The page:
Recipe: Beetroot and macadamia ricotta salad

Recipe: Beetroot and macadamia ricotta salad

Inspired by the concoctions created in Megan May’s award-winning cafe, Little Bird Goodness offers delicious and nutritious plant-based recipes to feel good from the inside out.

Make time: 20 mins + sprouting, ricotta, candied hazelnuts, pickled onion, sorghum (optional) 
Cooking time: 45 mins
Equipment required: oven, mandoline
Serves: 2

2 medium-sized beetroot
2 tbsp balsamic vinegar
1 tbsp olive oil
1 clove garlic, lightly crushed
sprig of thyme
3 handfuls of fancy lettuce
3 handfuls of butterhead lettuce
2 handfuls of sunflower sprouts
handful of baby beetroot leaves (optional)
2 baby Chioggia beetroot
2 baby yellow beetroot

To serve:
aged balsamic vinegar or balsamic reduction
1/2 cup macadamia ricotta*
1/4 cup quick pickled onion*
1/3 cup candied hazelnuts
1/3 cup cooked sorghum*

Preheat oven to 200°C.
1. Wash, peel and dice beetroot. Place in the centre of a large piece of baking paper along with balsamic vinegar, olive oil, garlic and thyme. Bring the edges of the foil together and twist to create a little parcel; place this on a baking tray in the oven and roast for 40–45 minutes.
2. When ready, the beetroot should be nice and tender. Take out of the oven and allow to cool down slightly.
3. Wash fancy and butterhead lettuce and dry well, then tear into rough pieces and place in a large serving bowl along with the sunflower sprouts, beet leaves (if using) and roasted beetroot. Finely slice baby beets using a mandoline, and add to the bowl.
4. To serve, top with a drizzle of aged balsamic vinegar or reduction, spoonfuls of macadamia ricotta, pickled onion, candied hazelnuts and sorghum (if using).

These candied hazelnuts are a delicious addition to salads and desserts, or simply as a snack – well worth the soaking and dehydrating time.
Make time: 5 mins
Soak time: 4–6 hours
Dehydrating time: 1–2 days
Makes: 2 cups
Equipment required: dehydrator

2 cups hazelnuts, soaked for 4−6 hours
1/3 cup organic maple syrup or coconut nectar
pinch of sea salt

1. Drain and rinse soaked hazelnuts thoroughly. Spread nuts over a dry tea towel and blot dry. Place in a bowl with maple syrup or coconut nectar and salt, and toss to coat.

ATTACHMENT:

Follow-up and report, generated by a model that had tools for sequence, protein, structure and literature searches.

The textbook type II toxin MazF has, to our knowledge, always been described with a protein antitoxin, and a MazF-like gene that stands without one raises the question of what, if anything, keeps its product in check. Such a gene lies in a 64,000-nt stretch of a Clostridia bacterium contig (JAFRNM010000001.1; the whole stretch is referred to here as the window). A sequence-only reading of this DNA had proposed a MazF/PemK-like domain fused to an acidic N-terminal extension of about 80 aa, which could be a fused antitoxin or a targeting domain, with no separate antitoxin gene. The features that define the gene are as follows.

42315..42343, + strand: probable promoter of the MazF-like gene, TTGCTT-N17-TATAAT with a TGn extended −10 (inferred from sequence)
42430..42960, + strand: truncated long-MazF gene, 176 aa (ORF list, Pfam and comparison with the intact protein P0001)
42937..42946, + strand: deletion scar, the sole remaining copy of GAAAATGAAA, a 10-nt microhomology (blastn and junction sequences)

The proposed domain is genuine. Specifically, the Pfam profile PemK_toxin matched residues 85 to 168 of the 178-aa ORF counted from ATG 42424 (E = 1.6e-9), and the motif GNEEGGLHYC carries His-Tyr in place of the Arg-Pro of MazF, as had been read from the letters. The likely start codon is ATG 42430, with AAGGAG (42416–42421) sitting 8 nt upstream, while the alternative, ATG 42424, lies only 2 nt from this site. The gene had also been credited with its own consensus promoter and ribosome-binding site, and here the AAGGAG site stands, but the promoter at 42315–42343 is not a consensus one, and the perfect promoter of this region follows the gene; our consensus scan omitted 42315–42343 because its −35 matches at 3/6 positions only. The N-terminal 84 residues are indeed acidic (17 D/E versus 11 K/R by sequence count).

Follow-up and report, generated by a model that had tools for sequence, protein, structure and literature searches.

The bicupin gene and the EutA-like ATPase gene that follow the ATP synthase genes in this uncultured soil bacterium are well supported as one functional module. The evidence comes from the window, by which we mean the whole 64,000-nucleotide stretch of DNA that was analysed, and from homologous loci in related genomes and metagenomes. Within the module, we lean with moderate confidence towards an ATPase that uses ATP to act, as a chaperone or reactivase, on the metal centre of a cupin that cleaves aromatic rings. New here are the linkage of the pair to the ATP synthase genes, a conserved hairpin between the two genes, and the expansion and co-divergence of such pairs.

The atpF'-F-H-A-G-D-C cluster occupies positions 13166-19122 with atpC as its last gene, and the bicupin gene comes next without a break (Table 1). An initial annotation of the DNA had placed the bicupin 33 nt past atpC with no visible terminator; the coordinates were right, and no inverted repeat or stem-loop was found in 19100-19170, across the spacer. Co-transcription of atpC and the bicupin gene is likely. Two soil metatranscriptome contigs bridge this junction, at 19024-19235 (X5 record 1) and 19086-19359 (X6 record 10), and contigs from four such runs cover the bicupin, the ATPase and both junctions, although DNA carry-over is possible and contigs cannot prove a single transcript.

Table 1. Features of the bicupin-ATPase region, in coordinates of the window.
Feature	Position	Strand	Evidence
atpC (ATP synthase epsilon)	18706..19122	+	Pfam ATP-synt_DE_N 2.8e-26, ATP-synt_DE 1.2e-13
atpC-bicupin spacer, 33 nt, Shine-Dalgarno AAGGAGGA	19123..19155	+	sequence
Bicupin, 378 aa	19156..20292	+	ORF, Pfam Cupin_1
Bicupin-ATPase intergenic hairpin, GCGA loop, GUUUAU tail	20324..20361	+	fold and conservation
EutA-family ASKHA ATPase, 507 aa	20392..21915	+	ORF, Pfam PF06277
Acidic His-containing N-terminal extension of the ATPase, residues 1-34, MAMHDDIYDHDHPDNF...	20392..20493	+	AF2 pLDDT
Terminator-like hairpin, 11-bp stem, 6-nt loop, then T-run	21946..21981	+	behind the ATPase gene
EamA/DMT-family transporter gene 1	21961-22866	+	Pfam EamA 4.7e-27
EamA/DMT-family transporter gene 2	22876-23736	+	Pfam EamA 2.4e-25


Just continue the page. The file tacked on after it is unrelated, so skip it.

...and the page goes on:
2. Spread thinly on dehydrator trays (with a baking sheet or Paraflex sheet) and dry at 41°C for 1½–2 days (this depends on the humidity level). When they are ready they will be very crunchy, almost like a roasted nut, and will keep in an airtight container or jar for several months.

Make time: 20 mins
Cooling time: 1–2 hours
Makes: 1 medium jar
Equipment required: medium wide-necked glass jar

1 cup filtered water
1 cup vinegar
3 star anise
2 bay leaves
10 peppercorns
3 cloves
1 tsp sea salt
1 tbsp coconut nectar
2 red onions, halved and sliced

When you’re looking for a slightly sweet and sour onion pickle for that salad or sandwich, try making these – they are easy to make, store well and add another dimension to your meals.

1. Place all the ingredients except the coconut nectar and onion in a saucepan and bring to the boil. Turn the heat down and simmer for 15 minutes. Add coconut nectar and bring to the boil again.
2. When liquid is boiling, add onions. Leave over the heat for 30 seconds, then remove and set aside to cool down for 1–2 hours.
3. These will keep in a jar in the fridge, in the pickling liquid from the pot, for several months.

Make time: 65 mins
Soak time: 12 hours
Makes: 2 cups
Equipment required: fine-meshed sieve, glass or ceramic bowl

1 cup sorghum
1 tbsp raw apple cider vinegar
3 cups filtered water
1 tbsp cold-pressed olive oil (optional)
pinch of sea salt

1. Sorghum grains are similar in size to Israeli couscous, making them an excellent gluten-free equivalent. Nutritionally, sorghum contains several B vitamins as well as minerals, protein and fibre, which is becoming increasingly recognised as a key component of a healthy gut ecosystem. I like to toss 1/4 cup of it through salads to make them heartier.
2. Place sorghum in a non-reactive (glass or ceramic) bowl with 2 cups of filtered water, and add apple cider vinegar. Stir, then cover with a clean tea towel and leave to soak for around 12 hours. Drain in a fine-meshed sieve and rinse.
3. Place drained sorghum and remaining water in a small saucepan and bring to the boil on a high heat. Reduce the heat, cover with a lid and simmer for at least 1 hour, until the water is completely absorbed and the sorghum is soft to the bite. If it’s not soft, add a little more water and simmer for longer. 
4. When sorghum is soft, remove from the heat and set aside for 5–10 minutes, still covered. Add olive oil (if using) and salt and stir before serving.
5. Enjoy freshly made, or store it in the fridge for a few days.

This edited extract is from Little Bird Goodness by Megan May, photography by Lottie Hedley, published by Penguin NZ, and available from all good book stores.

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